Archives for category: 10 000 hours nonsense

…better (except if you’re practicing all wrong!), not perfect — unless you’ve got talent:

Deliberate practice: Is that all it takes to become an expert?

Twenty years ago, Ericsson, Krampe, and Tesch-Römer (1993) proposed that expert performance reflects a long period of deliberate practice rather than innate ability, or “talent”. Ericsson et al. found that elite musicians had accumulated thousands of hours more deliberate practice than less accomplished musicians, and concluded that their theoretical framework could provide “a sufficient account of the major facts about the nature and scarcity of exceptional performance” (p. 392). The deliberate practice view has since gained popularity as a theoretical account of expert performance, but here we show that deliberate practice is not sufficient to explain individual differences in performance in the two most widely studied domains in expertise research—chess and music. For researchers interested in advancing the science of expert performance, the task now is to develop and rigorously test theories that take into account as many potentially relevant explanatory constructs as possible.

don’t have access, but here are a couple of charts from the supplemental data:

how to get to carnegie hall 01

Fig. 1. Average percentage of variance in chess performance explained by deliberate practice, correcting for measurement error variance. The light gray region represents reliable variance explained by deliberate practice; the dark gray region represents reliable variance not explained by deliberate practice.

how to get to carnegie hall 02

Fig. 3. Average percentage of variance in music performance accounted for by deliberate practice, correcting for measurement error variance. The light gray region represents reliable variance explained by deliberate practice; the dark gray region represents reliable variance not explained by deliberate practice.

(note: comments do not require an email. chess talent.)

guess this kid must’ve studied advanced maths and astrophysics for at least 10,000 hours … before he turned 3 years old:

Genius at work: 12-year-old is studying at IUPUI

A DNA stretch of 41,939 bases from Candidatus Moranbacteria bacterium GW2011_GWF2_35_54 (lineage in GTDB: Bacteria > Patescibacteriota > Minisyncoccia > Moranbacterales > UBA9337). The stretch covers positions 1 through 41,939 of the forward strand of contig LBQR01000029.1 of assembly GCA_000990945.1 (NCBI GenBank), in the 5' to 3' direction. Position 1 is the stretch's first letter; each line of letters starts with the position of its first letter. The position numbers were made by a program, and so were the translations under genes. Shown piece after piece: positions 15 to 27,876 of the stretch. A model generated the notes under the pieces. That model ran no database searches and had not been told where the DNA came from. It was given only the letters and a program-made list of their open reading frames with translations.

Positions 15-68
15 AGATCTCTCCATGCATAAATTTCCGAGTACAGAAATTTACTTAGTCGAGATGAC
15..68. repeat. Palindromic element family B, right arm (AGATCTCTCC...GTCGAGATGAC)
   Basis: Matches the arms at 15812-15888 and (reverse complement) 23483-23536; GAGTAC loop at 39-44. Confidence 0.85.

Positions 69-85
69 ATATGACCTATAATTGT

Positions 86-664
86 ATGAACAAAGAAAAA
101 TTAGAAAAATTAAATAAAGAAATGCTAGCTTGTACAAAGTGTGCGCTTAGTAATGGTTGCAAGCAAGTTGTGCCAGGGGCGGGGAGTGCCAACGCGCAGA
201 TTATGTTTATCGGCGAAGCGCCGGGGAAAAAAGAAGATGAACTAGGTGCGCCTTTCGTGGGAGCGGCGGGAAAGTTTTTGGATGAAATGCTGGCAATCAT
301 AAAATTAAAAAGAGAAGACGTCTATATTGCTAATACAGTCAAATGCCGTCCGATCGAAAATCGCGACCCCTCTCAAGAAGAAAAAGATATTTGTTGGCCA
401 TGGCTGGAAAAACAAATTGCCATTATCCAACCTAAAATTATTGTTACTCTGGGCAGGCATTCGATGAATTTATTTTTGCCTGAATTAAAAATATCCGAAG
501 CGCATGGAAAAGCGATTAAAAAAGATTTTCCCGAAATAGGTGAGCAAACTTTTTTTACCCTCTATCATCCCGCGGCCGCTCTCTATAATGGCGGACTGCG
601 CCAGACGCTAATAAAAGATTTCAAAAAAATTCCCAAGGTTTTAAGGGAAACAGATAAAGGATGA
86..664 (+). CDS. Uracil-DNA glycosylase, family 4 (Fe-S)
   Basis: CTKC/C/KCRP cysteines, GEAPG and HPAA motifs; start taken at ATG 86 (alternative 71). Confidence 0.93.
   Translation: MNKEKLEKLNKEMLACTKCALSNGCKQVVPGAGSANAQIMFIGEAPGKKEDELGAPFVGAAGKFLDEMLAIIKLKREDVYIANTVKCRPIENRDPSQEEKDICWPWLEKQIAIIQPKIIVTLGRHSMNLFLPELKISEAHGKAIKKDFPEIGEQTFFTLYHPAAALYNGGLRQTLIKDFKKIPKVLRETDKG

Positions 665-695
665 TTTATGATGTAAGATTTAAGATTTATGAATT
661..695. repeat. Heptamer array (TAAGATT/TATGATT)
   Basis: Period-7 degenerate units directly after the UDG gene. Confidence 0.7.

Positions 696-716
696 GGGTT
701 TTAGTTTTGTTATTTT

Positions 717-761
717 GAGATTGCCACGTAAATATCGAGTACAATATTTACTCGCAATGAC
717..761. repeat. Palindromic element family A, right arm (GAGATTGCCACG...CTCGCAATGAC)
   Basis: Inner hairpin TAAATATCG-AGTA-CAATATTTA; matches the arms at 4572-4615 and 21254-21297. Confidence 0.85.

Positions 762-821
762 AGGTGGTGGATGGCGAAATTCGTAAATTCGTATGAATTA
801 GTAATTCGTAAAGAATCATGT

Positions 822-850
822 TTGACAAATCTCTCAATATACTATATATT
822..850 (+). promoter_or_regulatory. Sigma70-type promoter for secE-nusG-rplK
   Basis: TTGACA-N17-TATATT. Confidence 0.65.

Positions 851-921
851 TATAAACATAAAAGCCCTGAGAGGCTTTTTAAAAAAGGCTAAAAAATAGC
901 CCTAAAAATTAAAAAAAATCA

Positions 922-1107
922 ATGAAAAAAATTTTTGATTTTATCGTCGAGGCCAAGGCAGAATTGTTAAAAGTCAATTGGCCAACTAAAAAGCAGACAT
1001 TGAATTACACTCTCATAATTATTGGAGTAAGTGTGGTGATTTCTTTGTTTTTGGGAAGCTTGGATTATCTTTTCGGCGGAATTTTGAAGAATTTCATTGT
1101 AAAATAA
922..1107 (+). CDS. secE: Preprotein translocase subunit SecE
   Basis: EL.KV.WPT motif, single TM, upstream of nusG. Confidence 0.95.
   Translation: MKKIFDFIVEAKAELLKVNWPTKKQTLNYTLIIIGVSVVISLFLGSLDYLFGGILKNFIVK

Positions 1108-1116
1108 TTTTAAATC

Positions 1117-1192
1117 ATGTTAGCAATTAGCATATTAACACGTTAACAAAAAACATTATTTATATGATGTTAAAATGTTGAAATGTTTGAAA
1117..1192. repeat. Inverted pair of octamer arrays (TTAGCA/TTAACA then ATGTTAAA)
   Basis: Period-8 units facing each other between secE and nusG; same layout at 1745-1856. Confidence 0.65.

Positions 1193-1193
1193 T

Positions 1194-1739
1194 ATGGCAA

previously: you, too, can become a physics genius!

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b*llsh*t.

jonah lehrer says that … well, i’m not sure what he says. he kinda waffles, afaics: innate talents cannot, alone, account for success — one has to have the “grit” to keep on practicing as well — so success (or not) is not just a product of our natures. -??- something like that, anyway.

of course, the question is begged: where does this “grit” come from?

here’s some silliness from his post:

“And this leads me to one of my favorite recent papers, ‘Deliberate Practice Spells Success: Why Grittier Competitors Triumph at the National Spelling Bee.’ The research, published this month in the journal of Social Psychological and Personality Science, was led by Angela Duckworth, a psychologist at Penn. (Anders-Ericsson is senior author.) The psychologists were interested in the set of traits that allowed kids to practice deliberately. Their data set consisted of 190 participants in the Scripps National Spelling Bee, a competition that requires thousands of hours of practice. After all, there are no natural born spellers.

no? well, i can tell you about some natural born non-spellers: people with dyslexia. prolly not too many of them winning spelling bees.

and what about people with visual|photographic memories? don’t you think they might have an advantage in a spelling bee? i can tell you the answer to that right now — yes. i don’t have a perfect photographic memory (d*mn!), but i do have a very visual one — and i use it to help me remember how to spell. and i used it a LOT when i used to win all the school spelling bees when i was a kid. (it never occurred to me to go in for spelling bees “professionally” — maybe i just don’t have the “grit.”)

which brings me back to grit. where the h*ck does that come from? mightn’t that be innate? how about the hyperfocusing abilities of aspies? sounds an awful lot like grit to me.

lots of good, sensible comments in response to lehrer’s lame-o post. like: